0
$\begingroup$

A colleague of mine (who is not a mathematician at all) asks me to have a look at his formula for the number $T_n$ of rooted labeled trees on $n$ vertices where the root has degree 2.

He starts out by saying that there are $n^{n-1}$ rooted labeled trees (Cayley's formula https://en.wikipedia.org/wiki/Cayley%27s_formula says that there are $n^{n-2}$ labeled trees, so I assume each vertex can be a root, so the formula above sounds plausible, to start with).

Finally, he arrives at a formula of the form:

$$T_n = n\cdot \sum_{k=1}^{n-2} \binom{n-1}{k}/s\cdot (k^{k-1})\cdot (n-1-k)^{n-2-k},$$

where $s=2,1$ (depending on whether $k=n-k-1$ or not).

Does anyone know more about this? I'm sure that the number $T_n$ is either well-known or easily derivable.

$\endgroup$
  • $\begingroup$ I think the formula gives $T_4=48$ but in fact $T_4=24.$ $\endgroup$ – bof Jul 26 '16 at 9:40
  • $\begingroup$ He has the right idea but seems to be double counting in places. I think you get the right formula if you just set $s=2$ all the time. $\endgroup$ – bof Jul 26 '16 at 9:43
  • $\begingroup$ The point is the the $k=1$ term and the $k=n-2$ term are counting the same things, likewise the $k=2$ term and the $k=n-3$ term, etc. $\endgroup$ – bof Jul 26 '16 at 9:44
  • 1
    $\begingroup$ That is, I think the correct formula is $$T_n=\frac n2\sum_{k=1}^{n-2}\binom{n-1}kk^{k-1}(n-1-k)^{n-2-k}.$$ $\endgroup$ – bof Jul 26 '16 at 9:46
  • 1
    $\begingroup$ I wouldn't know a reference. I'd look in graph theory books and look at the exercises in the chapter about counting labeled trees. Maybe easier (if it works): calculate the first few values of $T_n$ and search for the sequence at oeis.org. $\endgroup$ – bof Jul 26 '16 at 9:54
0
$\begingroup$

Okay, I'll post an answer myself.

The formula appears to be equivalent to

$$T_n = n\cdot(n-2)\cdot (n-1)^{n-3}.$$

This can be explained as follows. Choose a root (there are $n$ possible choices). Then there are $n-1$ vertices left. Choose a labeled tree on $(n-1)$ vertices: there are $(n-1)^{n-3}$ such trees on $n-1$ vertices. Finally, connect your root to exactly $2$ vertices in the labeled tree as follows:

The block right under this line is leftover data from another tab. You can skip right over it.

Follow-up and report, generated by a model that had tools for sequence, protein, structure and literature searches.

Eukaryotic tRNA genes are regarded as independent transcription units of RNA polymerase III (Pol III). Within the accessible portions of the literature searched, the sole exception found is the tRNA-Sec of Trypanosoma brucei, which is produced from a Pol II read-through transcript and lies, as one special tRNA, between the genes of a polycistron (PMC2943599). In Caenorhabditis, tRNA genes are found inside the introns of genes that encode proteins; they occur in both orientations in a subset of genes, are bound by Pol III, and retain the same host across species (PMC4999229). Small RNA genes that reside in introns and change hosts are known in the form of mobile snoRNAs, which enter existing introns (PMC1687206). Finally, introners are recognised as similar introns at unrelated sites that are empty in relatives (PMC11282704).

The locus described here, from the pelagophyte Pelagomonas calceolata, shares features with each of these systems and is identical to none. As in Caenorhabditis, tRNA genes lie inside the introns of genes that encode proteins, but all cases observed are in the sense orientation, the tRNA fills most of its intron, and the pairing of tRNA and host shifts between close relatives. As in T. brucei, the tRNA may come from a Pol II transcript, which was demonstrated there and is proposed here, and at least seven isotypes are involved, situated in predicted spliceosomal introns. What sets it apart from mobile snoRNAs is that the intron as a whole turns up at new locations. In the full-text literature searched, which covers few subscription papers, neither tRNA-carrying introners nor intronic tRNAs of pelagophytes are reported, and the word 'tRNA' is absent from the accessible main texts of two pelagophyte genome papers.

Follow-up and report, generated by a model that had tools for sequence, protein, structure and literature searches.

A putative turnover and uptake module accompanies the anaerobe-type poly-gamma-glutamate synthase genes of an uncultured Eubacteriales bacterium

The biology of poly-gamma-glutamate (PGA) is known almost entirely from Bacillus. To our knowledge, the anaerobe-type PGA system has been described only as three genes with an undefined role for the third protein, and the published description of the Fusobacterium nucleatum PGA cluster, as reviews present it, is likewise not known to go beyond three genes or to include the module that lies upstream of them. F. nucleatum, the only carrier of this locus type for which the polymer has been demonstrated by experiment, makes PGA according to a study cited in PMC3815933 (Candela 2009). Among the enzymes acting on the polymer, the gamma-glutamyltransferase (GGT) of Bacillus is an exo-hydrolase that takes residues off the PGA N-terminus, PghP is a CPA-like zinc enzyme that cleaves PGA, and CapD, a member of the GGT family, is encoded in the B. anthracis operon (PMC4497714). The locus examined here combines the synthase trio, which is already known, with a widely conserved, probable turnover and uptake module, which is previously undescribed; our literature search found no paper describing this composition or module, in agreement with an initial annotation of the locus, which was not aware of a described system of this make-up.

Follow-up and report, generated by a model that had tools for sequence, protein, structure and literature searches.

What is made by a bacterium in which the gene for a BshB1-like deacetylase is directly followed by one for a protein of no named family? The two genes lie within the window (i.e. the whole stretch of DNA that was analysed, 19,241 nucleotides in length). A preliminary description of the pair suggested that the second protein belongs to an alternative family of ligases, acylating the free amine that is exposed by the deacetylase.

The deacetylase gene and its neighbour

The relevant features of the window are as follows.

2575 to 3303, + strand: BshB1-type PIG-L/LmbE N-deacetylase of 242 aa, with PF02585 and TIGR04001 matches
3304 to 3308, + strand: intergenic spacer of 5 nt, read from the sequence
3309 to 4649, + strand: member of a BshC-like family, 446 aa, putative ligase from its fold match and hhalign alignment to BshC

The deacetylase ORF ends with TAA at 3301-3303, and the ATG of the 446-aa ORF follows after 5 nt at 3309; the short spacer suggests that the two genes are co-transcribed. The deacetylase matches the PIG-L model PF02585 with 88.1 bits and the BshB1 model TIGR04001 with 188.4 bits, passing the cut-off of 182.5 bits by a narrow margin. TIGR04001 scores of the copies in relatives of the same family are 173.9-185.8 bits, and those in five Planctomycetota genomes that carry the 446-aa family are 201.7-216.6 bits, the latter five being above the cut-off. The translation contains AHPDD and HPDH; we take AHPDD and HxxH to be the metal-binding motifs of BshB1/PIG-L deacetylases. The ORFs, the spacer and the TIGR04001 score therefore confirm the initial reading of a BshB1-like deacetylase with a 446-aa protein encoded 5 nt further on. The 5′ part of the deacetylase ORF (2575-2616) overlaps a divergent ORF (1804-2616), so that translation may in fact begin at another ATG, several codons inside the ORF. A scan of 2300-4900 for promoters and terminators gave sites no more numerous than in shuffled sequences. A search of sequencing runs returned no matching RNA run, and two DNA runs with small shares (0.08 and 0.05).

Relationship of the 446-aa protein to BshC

A tree with $(n-1)$ vertices has $(n-2)$ edges. Choose one of them ($n-2$ choices) and connect its endpoints to the root. That generates the two children of our rooted tree.

The alternative formula can be proven as follows. A rooted labeled tree with root degree $2$ has two subtrees. Each is an unrooted labeled tree. One of the subtrees can have size $k=1,\ldots,n-2$, the other has size $n-1-k$. If it has size $k$, we can choose its elements in $\binom{n-1}{k}$ ways. This also accounts for the elements in the other subtree. Moreover, when it has size $k$ we can connect each of its $k$ nodes to the root, and the same for the other subtree of size $n-1-k$. Finally, we can choose $n$ root nodes.

Hence,

$$T_n = n\cdot \sum_{k=1}^{n-2}\binom{n-1}{k}k\cdot k^{k-2}(n-1-k )(n-1-k)^{n-1-k-2}$$

We note that we have overcounted since the subtrees are indistinguishable. Hence, we have to divide by $2$.

This formula generalizes. If the root vertex has degree $3$, the three subtrees have sizes $x,y,z$ such that $x+y+z=n-1$. The formula becomes

$$T_{n,3} = n\sum_{x+y+z=n-1}\binom{n-1}{x,y,z}x^{x-1}y^{y-1}z^{z-1}$$

Again, we have overcounted, since the subtrees are indistinguishable. We counted all permutations of $(x,y,z)$, so we have to divide by $3!$

After some trying around, we find:

$$T_{n,3} = n\cdot\binom{n-2}{2}\cdot (n-1)^{n-4}$$

and this has a very nice interpretation too!

| cite | improve this answer | |
$\endgroup$
  • $\begingroup$ No, it doesn’t still read the same except for endpoints. You also greatly improved the readability by adding as follows. You might wish to note, by the way, that I had ‘move[d] on’ by deleting my original objection; you prolonged matters by defending a false statement. I’m done here. $\endgroup$ – Brian M. Scott Jul 26 '16 at 21:41

Your Answer

By clicking “Post Your Answer”, you agree to our terms of service, privacy policy and cookie policy

Not the answer you're looking for? Browse other questions tagged or ask your own question.